(b) using the claim as a basis for the reason

(c) questioning the privacy and security of the communication

(d) concealing anything from the listener

 

Answer: b

 

Question Title:  TB_07_05 Evaluate the worthiness of arguments by applying the four tests: Truthfulness of the Premises, Logical Strength, Relevance, and Non-Circularity, Understand, LO 7.2

Topic: The Four Tests for Evaluating Arguments

Learning Objective: 7.2 Evaluate the worthiness of arguments by applying the four tests: Truthfulness of the Premises, Logical Strength, Relevance, and Non-Circularity.

Skill Level: Understand the Concepts

Difficulty Level: 1–Easy

 

 

  1. Logicians call an argument with true premises that has also passed the Test of Logical Strength a __________.

(a) relevant argument

(b) sound argument

(c) worthy argument

(d) persuasive argument

 

Answer: b

 

Question Title:  TB_07_06 Explain the four presumptions about argument making we all rely upon when offering one another reasons to support our claims, Understand, LO 7.1

Topic: Giving Reasons and Making Arguments

Learning Objective: 7.1 Explain the four presumptions about argument making we all rely upon when offering one another reasons to support our claims.

Skill Level: Understand the Concepts

Difficulty Level: 1–Easy

 

 

  1. Consider the negative evaluative adjectives: “Unworthy, Poor, Unacceptable, Unsound, Fallacious, Illogical, Incomplete, Unreasonable, Bad, and Circular.” The adjectives in that list typically apply to which of the following?

(a) premises

(b) reasons

(c) claims/conclusions

(d) arguments

(e) argument makers

 

Answer: d

 

Question Title:  TB_07_07 Explain the four presumptions about argument making we all rely upon when offering one another reasons to support our claims, Understand, LO 7.1

Topic: Giving Reasons and Making Arguments

Learning Objective: 7.1 Explain the four presumptions about argument making we all rely upon when offering one another reasons to support our claims.

Skill Level: Understand the Concepts

Difficulty Level: 1–Easy

 

 

  1. Consider the negative evaluative adjectives: “False, Improbable, Self-Contradictory, Fanciful, Fabricated, Vague, Ambiguous, Nonsensical, and Unknowable.” The adjectives in that list typically best apply to which of the following?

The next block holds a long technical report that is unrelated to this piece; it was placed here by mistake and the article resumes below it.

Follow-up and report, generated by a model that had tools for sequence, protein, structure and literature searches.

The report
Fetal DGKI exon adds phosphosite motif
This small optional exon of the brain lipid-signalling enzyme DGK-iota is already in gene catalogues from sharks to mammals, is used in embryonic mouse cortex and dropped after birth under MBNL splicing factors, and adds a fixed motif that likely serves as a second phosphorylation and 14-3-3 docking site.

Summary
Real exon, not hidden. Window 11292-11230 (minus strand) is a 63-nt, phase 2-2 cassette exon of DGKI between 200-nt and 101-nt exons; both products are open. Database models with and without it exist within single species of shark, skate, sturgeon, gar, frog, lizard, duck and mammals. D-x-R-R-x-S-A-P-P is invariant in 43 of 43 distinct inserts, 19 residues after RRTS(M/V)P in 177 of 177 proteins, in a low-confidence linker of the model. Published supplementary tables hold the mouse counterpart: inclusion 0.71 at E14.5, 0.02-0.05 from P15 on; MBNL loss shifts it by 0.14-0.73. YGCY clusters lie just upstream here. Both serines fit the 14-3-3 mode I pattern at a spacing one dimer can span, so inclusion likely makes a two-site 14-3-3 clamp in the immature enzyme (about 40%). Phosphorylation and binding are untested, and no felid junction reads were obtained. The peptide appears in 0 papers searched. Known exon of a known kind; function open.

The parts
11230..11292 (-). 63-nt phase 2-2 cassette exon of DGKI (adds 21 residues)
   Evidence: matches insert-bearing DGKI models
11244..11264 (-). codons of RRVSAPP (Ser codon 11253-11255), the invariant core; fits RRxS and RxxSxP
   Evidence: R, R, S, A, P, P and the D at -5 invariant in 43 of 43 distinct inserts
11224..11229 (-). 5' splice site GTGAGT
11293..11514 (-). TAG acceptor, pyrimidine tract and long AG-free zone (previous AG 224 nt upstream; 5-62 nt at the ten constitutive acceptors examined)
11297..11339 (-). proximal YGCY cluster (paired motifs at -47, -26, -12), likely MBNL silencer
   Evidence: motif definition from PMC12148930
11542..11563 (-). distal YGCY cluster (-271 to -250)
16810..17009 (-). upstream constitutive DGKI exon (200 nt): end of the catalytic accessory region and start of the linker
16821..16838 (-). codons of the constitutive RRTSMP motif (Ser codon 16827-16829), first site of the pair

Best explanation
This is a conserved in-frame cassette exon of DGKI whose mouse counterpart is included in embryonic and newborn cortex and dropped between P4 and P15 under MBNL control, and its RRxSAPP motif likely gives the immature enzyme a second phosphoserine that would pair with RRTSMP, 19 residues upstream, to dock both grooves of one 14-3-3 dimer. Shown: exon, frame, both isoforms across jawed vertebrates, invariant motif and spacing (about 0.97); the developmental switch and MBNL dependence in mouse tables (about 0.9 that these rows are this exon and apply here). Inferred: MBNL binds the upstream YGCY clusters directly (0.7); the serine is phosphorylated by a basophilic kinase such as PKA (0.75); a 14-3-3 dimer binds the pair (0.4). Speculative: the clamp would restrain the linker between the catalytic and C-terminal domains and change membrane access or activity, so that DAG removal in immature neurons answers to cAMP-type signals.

(a) premises

(b) reasons

(c) claims/conclusions

(d) arguments

(e) argument makers

 

Answer: a

 

Question Title:  TB_07_08 Explain the four presumptions about argument making we all rely upon when offering one another reasons to support our claims, Understand, LO 7.1

Topic: Giving Reasons and Making Arguments

Learning Objective: 7.1 Explain the four presumptions about argument making we all rely upon when offering one another reasons to support our claims.

Skill Level: Understand the Concepts

Difficulty Level: 1–Easy

 

 

  1. Consider the positive evaluative adjectives: “Well-Documented, Strongly Supported, Well-Argued, Certain, True, Reasonable, Plausible, and Probable.” The adjectives in that list typically best apply to which of the following?

(a) premises

(b) reasons

(c) claims/conclusions

(d) arguments

(e) argument makers

 

Answer: c

 

Question Title:  TB_07_09 Explain the four presumptions about argument making we all rely upon when offering one another reasons to support our claims, Understand, LO 7.1

Topic: Giving Reasons and Making Arguments

Learning Objective: 7.1 Explain the four presumptions about argument making we all rely upon when offering one another reasons to support our claims.

Skill Level: Understand the Concepts

Difficulty Level: 1–Easy

 

 

  1. Consider the positive evaluative adjectives: “Sensible, Well-Educated, Informed, Truth-Seeking, Open-Minded, Persuasive, and Confident.” The adjectives in that list typically best apply to which of the following?